Two Washington University in St. Louis students have been selected as 2012 Truman Scholars. Junior Arts & Sciences majors Madeleine Daepp and Ethan Lynch both will receive $30,000 in funding, including $3,000 for their senior year and $27,000 for two or three years of graduate study.
This highly competitive federal scholarship is awarded to U.S. juniors based on academic performance, leadership and dedication to public service.
The 54 scholars in the 2012 class were selected from among 587 candidates nominated by 292 colleges and universities. Candidates are selected after an arduous application process. WUSTL is one of six institutions nationwide to have multiple Truman Scholars. (View the entire list at http://www.truman.gov/meet-our-scholars.)
“This is such a great accomplishment for our students and an honor for the university given these very stiff odds,” says Joy Z. Kiefer, PhD, assistant dean in the College of Arts & Sciences, director of undergraduate research and WUSTL’s Truman scholarship representative.
Truman Scholars receive priority admission and supplemental financial aid at some premier graduate institutions, along with leadership training, career and graduate school counseling, and special internship opportunities within the federal government.
Traditionally, when WUSTL students are named Truman Scholars, Chancellor Mark S. Wrighton invites them into his office to share the good news. Keeping with tradition, Wrighton told Daepp in his office. Because Lynch is studying abroad in Jordan, Wrighton used Skype to make the special announcement.
Daepp, a native of Lewisburg, Pa., is majoring in economics and in mathematics.
Both of her parents are mathematicians at Bucknell University in Lewisburg, Pa. Growing up, dinner conversations in her home centered on abstruse mathematical concepts mixed with ideas about the importance of living and eating in a locally sustainable way.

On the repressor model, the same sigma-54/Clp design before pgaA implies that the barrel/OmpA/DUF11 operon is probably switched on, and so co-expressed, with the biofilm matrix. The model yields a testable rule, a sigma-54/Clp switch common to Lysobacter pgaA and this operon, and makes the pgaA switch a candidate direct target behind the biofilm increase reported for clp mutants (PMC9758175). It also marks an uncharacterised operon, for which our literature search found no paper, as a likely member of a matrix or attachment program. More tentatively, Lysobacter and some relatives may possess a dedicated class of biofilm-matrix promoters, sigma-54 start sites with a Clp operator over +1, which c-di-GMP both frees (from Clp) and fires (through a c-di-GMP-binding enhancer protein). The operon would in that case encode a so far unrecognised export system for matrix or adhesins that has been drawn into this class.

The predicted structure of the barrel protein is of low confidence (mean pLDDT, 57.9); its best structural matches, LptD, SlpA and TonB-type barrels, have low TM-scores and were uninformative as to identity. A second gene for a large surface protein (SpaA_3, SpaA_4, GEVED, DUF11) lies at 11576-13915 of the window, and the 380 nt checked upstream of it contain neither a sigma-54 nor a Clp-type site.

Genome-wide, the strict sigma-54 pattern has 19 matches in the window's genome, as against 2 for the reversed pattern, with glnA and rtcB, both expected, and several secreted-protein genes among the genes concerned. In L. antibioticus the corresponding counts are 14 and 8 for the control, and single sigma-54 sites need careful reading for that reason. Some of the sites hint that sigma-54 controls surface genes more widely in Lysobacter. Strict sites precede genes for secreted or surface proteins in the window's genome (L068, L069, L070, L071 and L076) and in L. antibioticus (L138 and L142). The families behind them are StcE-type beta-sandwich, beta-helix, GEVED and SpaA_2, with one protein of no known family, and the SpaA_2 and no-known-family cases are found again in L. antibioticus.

Her father, from Bern, Switzerland, was raised in a culture where fresh, seasonal foods are a priority. Daepp spent summers in Switzerland and, as a result, she is fluent in Swiss German, German and French.
Daepp came to WUSTL as a Lien Scholar. Based on academic merit, this scholarship is offered to 15 incoming freshmen. At the university, Daepp has earned an astounding 13 A-plus grades (typically reserved for only the most exceptional performances) in rigorous math and economics curricula.
As co-president of Burning Kumquat, a student-run garden, Daepp has led many efforts on campus and in the St. Louis community to raise awareness about the economic and environmental issues surrounding food production. She worked with members of university administration and food service to include produce from the student garden in the dining facilities and to facilitate a university farmer’s market for the campus community during the growing season.
She also secured the competitive Gephardt Institute for Public Service Civic Engagement grant to aid in the implementation of an environmental education and gardening project for inner-city youth in St. Louis.
Daepp is tentatively planning to earn a law degree before embarking on a joint master’s degree program in agricultural law and economics.
“I’m hoping to work in agricultural policy,” she says. “I would really like to mediate between farmers, researchers and policymakers to encourage the innovation and implementation of more sustainable food production practices.”
Kiefer, who advises scholars through the application process, says she has no doubt that Daepp will make important and lasting contributions.